Authorities say a terrorist attack is "possible but not likely"
Gardai say they have been in contact with European security partners to assess any implications the Paris terror attacks could have for Ireland.
In a statement released today, gardai said the perceived threat at the moment remains possible but unlikely.
"Since the tragic events in Paris on Friday evening, An Garda Síochána have been in close contact with our French and other close security partners to assess any implications for Ireland flowing from these events," the statement reads.
"Since these events, An Garda Síochána has conducted an intelligence assessment review and on Saturday the Commissioner briefed the National Security Committee and the Minister for Justice and Equality of our threat assessment.
"As indicated by the Minister for Justice & Equality yesterday, the threat level in this jurisdiction remains unchanged and the threat environment in this jurisdiction at the moment can be described as one where "an attack is possible but not likely”.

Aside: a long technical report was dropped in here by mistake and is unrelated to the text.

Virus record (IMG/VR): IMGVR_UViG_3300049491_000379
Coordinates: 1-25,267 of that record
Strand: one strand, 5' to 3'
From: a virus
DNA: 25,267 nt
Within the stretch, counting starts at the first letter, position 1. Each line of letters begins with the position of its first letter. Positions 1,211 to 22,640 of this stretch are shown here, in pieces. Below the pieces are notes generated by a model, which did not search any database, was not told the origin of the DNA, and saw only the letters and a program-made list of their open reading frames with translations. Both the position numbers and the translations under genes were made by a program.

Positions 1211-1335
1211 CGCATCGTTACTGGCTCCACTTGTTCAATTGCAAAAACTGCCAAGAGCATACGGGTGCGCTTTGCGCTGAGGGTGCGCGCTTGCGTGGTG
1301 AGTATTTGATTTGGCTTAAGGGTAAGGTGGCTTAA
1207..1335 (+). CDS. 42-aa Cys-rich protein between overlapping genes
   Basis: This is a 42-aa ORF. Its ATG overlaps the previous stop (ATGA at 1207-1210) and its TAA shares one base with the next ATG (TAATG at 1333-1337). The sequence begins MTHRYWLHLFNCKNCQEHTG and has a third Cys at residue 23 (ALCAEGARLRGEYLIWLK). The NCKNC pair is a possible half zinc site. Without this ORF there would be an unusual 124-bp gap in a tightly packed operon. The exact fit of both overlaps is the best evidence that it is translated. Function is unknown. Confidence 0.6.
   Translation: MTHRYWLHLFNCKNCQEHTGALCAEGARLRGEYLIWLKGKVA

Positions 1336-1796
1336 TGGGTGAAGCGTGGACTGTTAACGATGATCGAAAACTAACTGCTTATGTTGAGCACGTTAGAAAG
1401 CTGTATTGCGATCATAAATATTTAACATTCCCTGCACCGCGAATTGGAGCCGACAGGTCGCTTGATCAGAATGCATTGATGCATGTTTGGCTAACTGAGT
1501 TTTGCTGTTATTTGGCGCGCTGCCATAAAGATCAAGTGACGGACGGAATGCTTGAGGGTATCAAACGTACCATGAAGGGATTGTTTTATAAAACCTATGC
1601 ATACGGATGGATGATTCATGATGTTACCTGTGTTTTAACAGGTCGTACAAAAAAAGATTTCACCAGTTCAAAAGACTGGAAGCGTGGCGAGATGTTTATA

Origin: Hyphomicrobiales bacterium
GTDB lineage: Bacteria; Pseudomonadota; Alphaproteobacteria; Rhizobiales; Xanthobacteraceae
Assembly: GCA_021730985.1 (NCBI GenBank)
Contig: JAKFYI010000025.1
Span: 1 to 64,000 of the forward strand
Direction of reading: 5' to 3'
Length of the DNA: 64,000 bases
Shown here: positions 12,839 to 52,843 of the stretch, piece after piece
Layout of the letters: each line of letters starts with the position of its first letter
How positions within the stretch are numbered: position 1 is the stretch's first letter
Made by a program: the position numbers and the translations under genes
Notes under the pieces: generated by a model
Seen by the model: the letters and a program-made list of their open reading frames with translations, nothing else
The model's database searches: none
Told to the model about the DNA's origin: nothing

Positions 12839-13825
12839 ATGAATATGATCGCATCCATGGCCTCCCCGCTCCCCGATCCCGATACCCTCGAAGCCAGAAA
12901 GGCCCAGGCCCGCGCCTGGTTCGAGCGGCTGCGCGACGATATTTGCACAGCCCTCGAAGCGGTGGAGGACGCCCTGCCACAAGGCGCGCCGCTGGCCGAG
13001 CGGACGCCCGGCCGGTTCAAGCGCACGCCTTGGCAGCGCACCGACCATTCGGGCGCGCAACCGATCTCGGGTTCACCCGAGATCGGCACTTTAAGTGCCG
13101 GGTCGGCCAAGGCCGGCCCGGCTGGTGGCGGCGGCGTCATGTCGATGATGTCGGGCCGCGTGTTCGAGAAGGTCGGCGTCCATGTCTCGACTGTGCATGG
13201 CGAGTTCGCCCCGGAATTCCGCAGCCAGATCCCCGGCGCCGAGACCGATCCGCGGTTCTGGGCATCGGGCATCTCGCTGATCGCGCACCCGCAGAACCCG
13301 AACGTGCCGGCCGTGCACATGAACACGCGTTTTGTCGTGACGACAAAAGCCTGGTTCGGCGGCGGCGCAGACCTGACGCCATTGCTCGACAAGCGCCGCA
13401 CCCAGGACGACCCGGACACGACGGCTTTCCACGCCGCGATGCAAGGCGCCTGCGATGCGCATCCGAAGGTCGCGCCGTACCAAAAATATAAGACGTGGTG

Gardai added they will keep under review the ongoing situation in France and elsewhere.
They added they will "ensure that Garda resources are deployed in a manner commensurate with the current security situation.
"The level of threat will be kept under constant review by An Garda Síochána in light of the ongoing developments. All appropriate measures will be taken in dealing with any threats however, for security reasons it is not appropriate to outline the detail of our operational responses.
"Of course, this is an international problem and a key element in dealing with these threats is good intelligence sharing internationally. An Garda Síochána co-operates very closely with our EU and other international security and intelligence counterparts in responding to these threats."
Minister for Finance, Michael Noonan, said he was confident both the army and the gardai were well placed to deal with potential threats.
"We have Garda intelligence and we have army intelligence feeding information in. The gardai and the army in Ireland have a quiet lot of expertise in this, because it's not so long ago since there was a major bombing campaign in Northern Ireland.
"I'd remind you of Bloody Friday in Belfast, when, in a 45-minute period the Provisional IRA left off 28 bombs all around the city, and killed quiet a number of people, and injured hundreds.
"So, there is expertise in Ireland on these widespread terrorist attacks and I'd have confidence in the Gardai and the army to deal with what comes up," he added.
Security measures at the Aviva Stadium have been heightened ahead of tonight's Playoff game against Bosnia & Herzegovina.